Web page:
• Back Mutations are highlighted in yellow. Parallel Mutations are written in red text.
  • Branches have been numbered (in bold royal blue).
  • The number of Markers Tested by each participant is indicated as 25, 37, 67 or 111. BY stands for the Big Y test.
  • FTDNA Kit numbers, Project G-numbers, and initials represent each of the participants.
  • Country of present residence indicates the extent of the Gleeson diaspora.
  • Gleeson Ancestral Lines are indicated for each participant by the green boxes with a crude timeline to the side.
  • MDKA Profiles list possible MPRs (Markers of Potential Relatedness) which may be particularly useful information for collaboration between project members (especially birth location, family nickname or agnomen, & occasional other major distinguishing features).
Lineage II Mutation History Tree Nov 2015

You can watch a video of the Journey of Discovery I took in creating this tree below.

What does it tell us? 

The current starting point for Lineage II is estimated to be more than 25 generations ago. That's about  750 years before the average tester's date of birth. If we assume that to be 1950, and allowing 30 years per generation, then we are looking at an origin for Lineage II about 1200 AD. This estimate may change as more people join the project.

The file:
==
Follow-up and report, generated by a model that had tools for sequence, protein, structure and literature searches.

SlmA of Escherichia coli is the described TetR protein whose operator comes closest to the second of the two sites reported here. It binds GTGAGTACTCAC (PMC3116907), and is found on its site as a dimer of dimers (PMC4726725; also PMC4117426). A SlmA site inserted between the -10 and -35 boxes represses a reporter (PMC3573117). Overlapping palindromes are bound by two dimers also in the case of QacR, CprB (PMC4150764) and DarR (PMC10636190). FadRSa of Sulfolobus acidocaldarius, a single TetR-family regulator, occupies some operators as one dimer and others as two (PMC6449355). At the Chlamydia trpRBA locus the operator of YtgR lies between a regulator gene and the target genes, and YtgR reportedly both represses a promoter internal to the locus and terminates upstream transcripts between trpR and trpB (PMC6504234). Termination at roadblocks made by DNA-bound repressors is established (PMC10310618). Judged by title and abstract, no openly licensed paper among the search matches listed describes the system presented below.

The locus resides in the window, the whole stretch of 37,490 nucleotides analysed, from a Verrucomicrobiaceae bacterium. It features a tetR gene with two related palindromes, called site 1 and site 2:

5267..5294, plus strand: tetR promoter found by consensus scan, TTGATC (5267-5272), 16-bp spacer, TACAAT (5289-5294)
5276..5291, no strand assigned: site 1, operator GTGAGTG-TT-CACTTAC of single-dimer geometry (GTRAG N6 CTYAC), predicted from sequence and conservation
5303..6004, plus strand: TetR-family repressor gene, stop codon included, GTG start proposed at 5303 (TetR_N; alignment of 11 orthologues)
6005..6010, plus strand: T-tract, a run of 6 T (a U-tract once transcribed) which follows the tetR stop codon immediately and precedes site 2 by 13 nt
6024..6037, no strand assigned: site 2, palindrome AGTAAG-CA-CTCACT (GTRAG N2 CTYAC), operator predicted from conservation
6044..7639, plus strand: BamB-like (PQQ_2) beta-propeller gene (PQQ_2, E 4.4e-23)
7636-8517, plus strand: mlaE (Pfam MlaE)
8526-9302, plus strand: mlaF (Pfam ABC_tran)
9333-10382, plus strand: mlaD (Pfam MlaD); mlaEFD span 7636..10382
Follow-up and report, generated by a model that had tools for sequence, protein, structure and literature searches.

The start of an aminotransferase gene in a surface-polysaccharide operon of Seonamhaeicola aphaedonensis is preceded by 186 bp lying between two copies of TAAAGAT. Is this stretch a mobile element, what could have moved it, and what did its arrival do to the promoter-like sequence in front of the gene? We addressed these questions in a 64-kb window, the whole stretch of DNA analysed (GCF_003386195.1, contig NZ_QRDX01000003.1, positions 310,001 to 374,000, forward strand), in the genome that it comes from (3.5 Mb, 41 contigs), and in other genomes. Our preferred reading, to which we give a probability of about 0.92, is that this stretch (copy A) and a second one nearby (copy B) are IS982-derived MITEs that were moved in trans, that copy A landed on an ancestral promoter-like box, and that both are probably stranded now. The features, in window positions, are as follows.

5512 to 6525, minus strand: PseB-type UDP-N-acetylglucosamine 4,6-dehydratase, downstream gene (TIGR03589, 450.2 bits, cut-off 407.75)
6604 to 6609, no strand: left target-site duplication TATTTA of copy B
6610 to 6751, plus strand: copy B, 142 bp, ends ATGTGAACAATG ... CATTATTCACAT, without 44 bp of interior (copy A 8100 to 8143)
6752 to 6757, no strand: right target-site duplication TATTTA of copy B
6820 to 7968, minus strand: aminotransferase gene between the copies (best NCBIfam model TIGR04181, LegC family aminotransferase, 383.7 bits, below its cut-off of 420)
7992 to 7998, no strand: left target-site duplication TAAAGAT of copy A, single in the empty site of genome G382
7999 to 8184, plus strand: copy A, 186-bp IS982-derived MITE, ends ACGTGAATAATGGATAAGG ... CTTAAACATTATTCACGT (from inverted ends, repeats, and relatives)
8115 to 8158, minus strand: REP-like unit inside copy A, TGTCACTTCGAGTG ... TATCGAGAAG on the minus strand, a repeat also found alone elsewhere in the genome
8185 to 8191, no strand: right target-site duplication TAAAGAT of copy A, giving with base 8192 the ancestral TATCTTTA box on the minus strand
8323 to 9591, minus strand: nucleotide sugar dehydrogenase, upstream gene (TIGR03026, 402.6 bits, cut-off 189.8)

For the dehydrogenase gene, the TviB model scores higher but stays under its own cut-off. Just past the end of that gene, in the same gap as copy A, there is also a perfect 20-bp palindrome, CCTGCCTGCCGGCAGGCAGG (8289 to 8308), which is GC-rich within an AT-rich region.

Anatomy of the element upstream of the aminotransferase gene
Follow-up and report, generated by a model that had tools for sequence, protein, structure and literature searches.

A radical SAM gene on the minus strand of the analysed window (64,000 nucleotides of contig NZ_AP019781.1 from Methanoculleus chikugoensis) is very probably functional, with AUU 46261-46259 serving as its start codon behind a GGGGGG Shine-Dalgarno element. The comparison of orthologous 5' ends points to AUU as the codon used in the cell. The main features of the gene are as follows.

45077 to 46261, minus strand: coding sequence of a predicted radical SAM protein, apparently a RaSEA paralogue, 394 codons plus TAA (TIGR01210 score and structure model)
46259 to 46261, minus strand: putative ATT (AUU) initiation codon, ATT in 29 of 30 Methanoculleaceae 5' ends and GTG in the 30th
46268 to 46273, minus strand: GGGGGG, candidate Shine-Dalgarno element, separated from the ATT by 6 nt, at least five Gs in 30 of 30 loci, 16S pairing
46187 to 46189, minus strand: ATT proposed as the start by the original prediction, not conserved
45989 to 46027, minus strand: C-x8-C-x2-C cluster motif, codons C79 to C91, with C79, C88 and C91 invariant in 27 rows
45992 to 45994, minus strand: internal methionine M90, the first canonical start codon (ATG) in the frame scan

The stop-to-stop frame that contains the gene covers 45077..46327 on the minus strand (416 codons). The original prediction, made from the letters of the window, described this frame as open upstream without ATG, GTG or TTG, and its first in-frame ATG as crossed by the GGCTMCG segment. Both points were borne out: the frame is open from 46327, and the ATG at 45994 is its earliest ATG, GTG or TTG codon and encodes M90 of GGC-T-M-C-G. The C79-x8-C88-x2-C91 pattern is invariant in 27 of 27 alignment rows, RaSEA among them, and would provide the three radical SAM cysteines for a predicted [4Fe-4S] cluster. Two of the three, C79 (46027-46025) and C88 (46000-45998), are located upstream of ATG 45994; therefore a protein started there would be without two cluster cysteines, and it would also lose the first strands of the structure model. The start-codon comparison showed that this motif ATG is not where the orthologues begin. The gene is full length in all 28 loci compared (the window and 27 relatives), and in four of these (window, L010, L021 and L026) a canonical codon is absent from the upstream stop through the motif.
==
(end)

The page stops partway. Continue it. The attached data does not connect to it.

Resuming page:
The Glisson branch (G-68, 411177) is an ancient branch, going back about 21 generations ago = 630 yrs = 1300 AD.

The most closely related branches are 8, 5, 4, & 12. These members are actively exploring their connection using traditional genealogical records.

As regards the process of building this MHT ...
  • The 37 marker test (Y-DNA-37) is sufficient to allocate new participants to Lineage II, but is not adequate for giving accurate estimates of TMRCAs  (and hence branching points)
  • 67 or 111 STR markers are needed for accurate dating of the branching points
  • STRs better define the branching pattern than SNPs. Thus far, SNP markers appear to be more useful for defining the more upstream branches of the tree and STR markers the more downstream branches. This may change over time.
  • In order to improve the accuracy of this MHT, we need a) more people to test; b) more people to upgrade to 111 markers; and c) more people to SNP test
  • In due course, it is hoped that a Lineage II-Specific SNP Marker Panel will be developed (for about $120). This will hopefully save new members money on SNP testing.
As series of blog posts will follow in due course exploring the various steps involved in this creation process in greater depth.

Maurice Gleeson